1. Oh, Perry, I love you! 🙂 I think I’m going to print out your comment and attach it to each of my submissions!

  2. I think your protagonist sounds fabulous. I’m a believer of less is more and veered away from any physical description of my main characters because I wanted readers to make up their own mind based on their behaviour and unrestricted by race, build or looks, but using description as a way of countering stereotypes (and appealing to a large and growing demographic – no pun intended) is a fantastic idea. Tell those agents to hurry up!

    1. She is fabulous in many ways, yes. And I hope the reader will root for her. In my early writing I got a lot of positive feedback on her physicality, so it stuck!

      Agents… ah, agents… another rejection today. 😦 I may need to learn more about this self-publishing thing from you, Dylan.

          1. Only do it if you’re sure. It’s not a panacea, for every advantage there are disadvantages too. I don’t regret it myself but that is because it suits my needs, but realistically the only way to sell a lot of books this way is to write a lot of books.
            If your dream is to become traditionally published, don’t give up with the submissions. If, however, you are happy to have minimal sales but the knowledge that someone, somewhere got to read and enjoy your work, then I’d be honoured to help.

          2. You read me well, Dylan. It was a moment – that moment, when you see you’ve received an email from an agent. It’s like that envelope from the Premium Bonds… It arrives and for a minute, you toy with the idea that you’ve won the jackpot. And then you open it and you’re back to reality. For now, I’m pressing on – I still have a few agents I want to approach, along with a couple of networking opportunities coming up in April. I’m thinking, maybe the far side of the summer, maybe then I might think about other options. It was just a moment this morning – not helped by the grizzle of toothache. I do hope in the meantime that you blog once or twice more about your self-publishing experience, how you’re marketing (if you’re marketing) and so on. I guess that’s the big challenge with self-publishing – if you don’t bust a gut marketing yourself, nobody else will do it for you.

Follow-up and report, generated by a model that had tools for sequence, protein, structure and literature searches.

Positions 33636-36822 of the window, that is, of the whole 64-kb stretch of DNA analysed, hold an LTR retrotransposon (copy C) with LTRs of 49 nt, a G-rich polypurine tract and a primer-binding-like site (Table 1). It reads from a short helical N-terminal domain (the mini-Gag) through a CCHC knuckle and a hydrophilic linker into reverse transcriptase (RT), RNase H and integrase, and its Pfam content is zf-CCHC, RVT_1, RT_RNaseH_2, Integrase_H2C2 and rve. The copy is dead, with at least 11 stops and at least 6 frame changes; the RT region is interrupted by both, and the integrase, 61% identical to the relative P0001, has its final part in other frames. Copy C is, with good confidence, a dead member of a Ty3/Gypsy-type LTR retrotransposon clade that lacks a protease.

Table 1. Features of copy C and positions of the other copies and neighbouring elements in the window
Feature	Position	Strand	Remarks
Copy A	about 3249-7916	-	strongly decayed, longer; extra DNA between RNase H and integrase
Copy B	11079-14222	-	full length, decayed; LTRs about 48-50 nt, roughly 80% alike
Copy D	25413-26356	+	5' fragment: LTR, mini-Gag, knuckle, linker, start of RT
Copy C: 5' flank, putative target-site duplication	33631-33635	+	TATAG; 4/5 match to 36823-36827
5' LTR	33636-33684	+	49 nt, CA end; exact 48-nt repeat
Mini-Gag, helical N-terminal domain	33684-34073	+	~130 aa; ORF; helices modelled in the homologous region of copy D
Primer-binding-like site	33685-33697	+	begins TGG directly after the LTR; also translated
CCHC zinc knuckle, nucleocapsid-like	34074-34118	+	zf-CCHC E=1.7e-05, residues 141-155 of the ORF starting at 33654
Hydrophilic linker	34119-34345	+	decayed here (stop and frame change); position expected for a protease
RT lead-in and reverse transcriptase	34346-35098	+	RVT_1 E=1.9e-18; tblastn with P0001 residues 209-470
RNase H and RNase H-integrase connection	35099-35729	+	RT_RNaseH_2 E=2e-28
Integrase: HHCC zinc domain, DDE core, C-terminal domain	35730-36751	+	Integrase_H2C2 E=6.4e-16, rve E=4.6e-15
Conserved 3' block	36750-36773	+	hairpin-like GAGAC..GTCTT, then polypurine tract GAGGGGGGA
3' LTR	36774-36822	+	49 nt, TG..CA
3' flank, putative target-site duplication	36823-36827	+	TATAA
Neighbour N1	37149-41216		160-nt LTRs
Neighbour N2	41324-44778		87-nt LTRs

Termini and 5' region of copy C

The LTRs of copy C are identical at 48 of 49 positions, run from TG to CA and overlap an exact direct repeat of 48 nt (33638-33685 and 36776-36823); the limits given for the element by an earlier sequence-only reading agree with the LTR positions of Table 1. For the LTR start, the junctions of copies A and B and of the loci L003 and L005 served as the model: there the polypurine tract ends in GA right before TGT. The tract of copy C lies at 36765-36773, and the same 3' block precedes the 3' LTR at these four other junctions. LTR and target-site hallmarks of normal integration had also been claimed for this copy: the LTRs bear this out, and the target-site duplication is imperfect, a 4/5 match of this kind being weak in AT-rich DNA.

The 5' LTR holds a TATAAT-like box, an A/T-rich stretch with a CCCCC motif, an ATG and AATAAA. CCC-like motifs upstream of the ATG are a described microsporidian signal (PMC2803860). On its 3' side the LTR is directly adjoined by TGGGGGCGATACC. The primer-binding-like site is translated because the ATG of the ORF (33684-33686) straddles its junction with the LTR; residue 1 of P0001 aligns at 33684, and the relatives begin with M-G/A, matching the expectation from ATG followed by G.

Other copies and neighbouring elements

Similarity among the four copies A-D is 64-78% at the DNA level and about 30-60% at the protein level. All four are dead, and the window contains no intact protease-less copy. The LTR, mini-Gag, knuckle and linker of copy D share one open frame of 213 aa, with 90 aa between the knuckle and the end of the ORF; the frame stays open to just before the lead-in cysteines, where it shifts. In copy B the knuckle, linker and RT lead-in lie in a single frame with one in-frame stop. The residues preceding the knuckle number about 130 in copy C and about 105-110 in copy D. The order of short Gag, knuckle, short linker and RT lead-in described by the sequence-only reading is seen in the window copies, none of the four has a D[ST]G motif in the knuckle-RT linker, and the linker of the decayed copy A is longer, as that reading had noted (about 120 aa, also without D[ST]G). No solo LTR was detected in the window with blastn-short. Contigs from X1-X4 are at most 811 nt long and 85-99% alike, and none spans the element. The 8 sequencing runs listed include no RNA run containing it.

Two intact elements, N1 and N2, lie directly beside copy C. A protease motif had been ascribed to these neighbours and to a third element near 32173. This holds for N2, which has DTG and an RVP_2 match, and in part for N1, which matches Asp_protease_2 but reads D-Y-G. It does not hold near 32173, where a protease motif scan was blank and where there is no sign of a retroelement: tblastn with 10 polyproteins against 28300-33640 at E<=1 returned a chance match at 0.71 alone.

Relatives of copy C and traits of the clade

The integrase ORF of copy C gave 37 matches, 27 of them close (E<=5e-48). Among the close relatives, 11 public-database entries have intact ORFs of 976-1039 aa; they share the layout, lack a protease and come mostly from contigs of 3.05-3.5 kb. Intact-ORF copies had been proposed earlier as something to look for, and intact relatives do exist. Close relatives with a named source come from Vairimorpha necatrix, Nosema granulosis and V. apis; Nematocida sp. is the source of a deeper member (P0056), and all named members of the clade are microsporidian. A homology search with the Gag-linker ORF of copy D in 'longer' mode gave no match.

3. I loath stereotypes of all kinds – even the apparent “positive” stereotypes really grate on me for the lazy writing that they present us as readers / viewers.

    I too have a female protagonist in my book currently being look at by publishers. One character describes her as “fat” but another upon meeting her for the first time smirks because though he acknowledges that she is overweight, calling her “fat” is stretching it a bit. Based on the women I know personally, and knowing their body sizes, I imagine my character to be size 14 or 16 and about 5’4″ tall.

    1. It’s all about personal perception. If you’re a supermodel, then size 2 is ‘fat’! But you touch on just the point I’m making – that each character, and each reader, will make their own assumptions. My character’s size (whatever it is) is not significant to the story (other than to be a non-stereotype), except to flesh-out (sorry) that side of her which is indulgent and hedonistic. But it’s also interesting to watch how other characters come to regard her, and that’s perhaps the more telling aspect of her physicality.

  4. Much more fun to have characters that break the hero/heroine molds. I love the way your ‘fat bird’ keeps moving from pillar to pillar (lust, loathing, fun, scary) depending on the eyes of the beholder. She’s also made me realise quite what a scroat I am in the getting dressed department… Must do better!

  5. I love your super-sized protagonist. She is a celebration of beauty and indulgence, breaking the stereotype that to attain the former, one must deny the latter. Her size makes me warm to her because it creates interest and is a refreshing change from skinny main characters. And you ‘write what you know’ to add those little touches that really bring her to life.